Attorney General William Barr announced on Monday that the Justice Department (DOJ) will take significant actions against efforts by so-called progressive local and state governments that obstruct immigration federal law enforcement activities, effectively shielding criminal aliens.
Barr made his remarks during the National Sheriffs’ Association Winter Legislative and Technology Conference in Washington where he expressed concerns over local and state “policies and laws designed to thwart the ability of federal officers to take custody of these criminals and thereby help them escape back into the community,” commonly known as sanctuary policies.
Many sanctuary policies limit local law enforcement from cooperating and communicating with federal immigration authorities. All sanctuary policies shield, in some way, illegal immigrants from federal immigration authorities.
“These policies are not about people who came to our country illegally but have otherwise been peaceful and productive members of society,” Barr said. “Their express purpose is to shelter aliens whom local law enforcement has already arrested for other crimes. This is neither lawful nor sensible.”
He said the department is significantly escalating its efforts to ensure the “the proper and lawful functioning of our nation’s federal immigration system” by taking legal actions against several states across the country for their sanctuary policies.
The DOJ, Barr said, has filed a complaint against New Jersey, its governor, and attorney general challenging a directive that forbids state and local law enforcement from sharing crucial information about criminal aliens with the Department of Homeland Security (DHS) such as the immigration status and release dates of individuals in their custody.
The New Jersey directive also requires state law enforcement to promptly notify a detained individual if U.S. Immigration and Customs Enforcement (ICE) officers file an immigration detainer request against that person.
Similarly, the department is also suing King County in Washington state for the implementation of an order that intends to prohibit ICE contractors from using King County International Airport to deport criminal aliens or transport immigration detainees within the country.
The DOJ also said that has sued California, its governor, and attorney general for prohibiting the operation of private detention facilities in the state. Under the state law, known as A.B. 32, prisoners and detainees currently housed in private facilities in California will have to be relocated at great cost and risk isolating them from their families, the department said.
The lawsuit challenges A.B. 32, claiming that the legislation is unconstitutional by violating the Supremacy Clause under the Constitution because it obstructs the federal government from housing federal prisoners and detainees, effectively acts as an obstruction to “the accomplishment of congressional objectives related to criminal law and immigration enforcement,” directly regulates federal operations, and discriminates against the United States by granting exceptions for the state that do not apply to the federal government.
Barr also announced that along with lawsuits, the department will also assess whether jurisdictions across the country are complying with federal criminal laws. Moreover, the DOJ will cooperate with the DHS in its effort to obtain the information they need to carry out immigration enforcement operations including the use of federal subpoenas to access the required information. The department will also review the actions of certain district attorneys who may have implemented policies that charge foreigners with lesser offenses that would shield them from federal immigration consequences.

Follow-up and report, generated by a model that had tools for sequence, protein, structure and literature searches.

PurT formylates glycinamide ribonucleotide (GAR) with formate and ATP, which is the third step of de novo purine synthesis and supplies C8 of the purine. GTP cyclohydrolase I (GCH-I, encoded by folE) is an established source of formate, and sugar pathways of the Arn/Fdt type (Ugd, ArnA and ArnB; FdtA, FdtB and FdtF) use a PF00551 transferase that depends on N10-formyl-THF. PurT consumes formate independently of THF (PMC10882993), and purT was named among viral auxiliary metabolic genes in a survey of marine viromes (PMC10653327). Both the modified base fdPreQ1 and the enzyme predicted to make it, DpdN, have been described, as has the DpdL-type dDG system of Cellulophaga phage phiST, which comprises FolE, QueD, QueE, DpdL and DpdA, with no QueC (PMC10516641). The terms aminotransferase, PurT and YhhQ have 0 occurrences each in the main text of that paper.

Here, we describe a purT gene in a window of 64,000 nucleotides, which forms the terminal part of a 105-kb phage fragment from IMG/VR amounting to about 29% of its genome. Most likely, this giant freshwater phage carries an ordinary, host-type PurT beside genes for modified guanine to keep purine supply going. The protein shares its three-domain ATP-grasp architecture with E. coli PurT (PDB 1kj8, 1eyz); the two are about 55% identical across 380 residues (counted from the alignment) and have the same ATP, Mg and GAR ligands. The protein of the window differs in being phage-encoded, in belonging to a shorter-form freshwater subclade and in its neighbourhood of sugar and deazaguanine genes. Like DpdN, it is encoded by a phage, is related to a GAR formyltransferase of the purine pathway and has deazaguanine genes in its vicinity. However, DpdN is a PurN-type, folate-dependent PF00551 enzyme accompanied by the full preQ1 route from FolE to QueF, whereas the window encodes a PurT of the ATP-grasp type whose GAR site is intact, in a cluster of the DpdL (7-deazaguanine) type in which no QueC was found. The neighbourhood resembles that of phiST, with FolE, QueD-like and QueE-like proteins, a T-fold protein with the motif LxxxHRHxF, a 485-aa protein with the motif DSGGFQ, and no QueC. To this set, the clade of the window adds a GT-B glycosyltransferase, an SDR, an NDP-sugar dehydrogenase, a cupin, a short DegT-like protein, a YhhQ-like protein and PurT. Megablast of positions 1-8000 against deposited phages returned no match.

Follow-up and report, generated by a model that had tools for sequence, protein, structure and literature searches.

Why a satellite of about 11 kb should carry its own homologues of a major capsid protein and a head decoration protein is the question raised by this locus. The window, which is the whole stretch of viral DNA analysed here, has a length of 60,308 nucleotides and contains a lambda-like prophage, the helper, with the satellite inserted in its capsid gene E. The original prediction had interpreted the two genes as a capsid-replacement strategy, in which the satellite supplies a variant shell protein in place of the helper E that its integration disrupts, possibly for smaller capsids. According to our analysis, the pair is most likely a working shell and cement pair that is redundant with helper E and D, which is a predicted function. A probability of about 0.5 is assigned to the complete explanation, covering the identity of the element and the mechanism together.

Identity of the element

“In pursuing their personal ambitions and misguided notions of equal justice, these district attorneys are systematically violating the rule of law and may even be unlawfully discriminating against American citizens,” Barr said.
The DOJ’s actions are part of “a significant escalation” in the administration’s effort to “confront the resistance of ‘sanctuary cities,'” Barr said.
“But by no means do the efforts outlined above signify the culmination of our fight to ensure the rule of law, to defend the Constitution, and to keep Americans safe. We will consider taking action against any jurisdiction that, or any politician who, unlawfully obstructs the federal enforcement of immigration law,” he said.
Other departments also announced measures to target sanctuary policies, such as the DHS, who promulgated a rule that barred New York residents from enrolling and reenrolling in the federal government’s Trusted Traveler Programs (TTP) such as the Global Entry. The DHS said the policy change was in response to the New York’s newly enacted Green Light Law. The law, known as the Driver’s License Access and Privacy Act, allows illegal aliens to obtain a driver’s license without a social security number. It also bars the release of the applicant’s personal information to federal immigration authorities except when requested under a court order or judicial warrant.
On Monday, New York Attorney General Letitia James announced that she had filed a lawsuit against the administration over the ban. Barr also referenced the New York law in his remarks, saying that this effort is “unlawful.”
“States may not regulate the presence of aliens in the United States in a way that obstructs Congress’s regulation of aliens,” he said.
The president criticized “radical politicians” who provide sanctuary to criminal aliens during his State of the Union speech on Feb. 4. He underscored the dangers of letting criminal aliens free under sanctuary policies by citing examples in New York and California.
Charlotte Cuthbertson contributed to this report.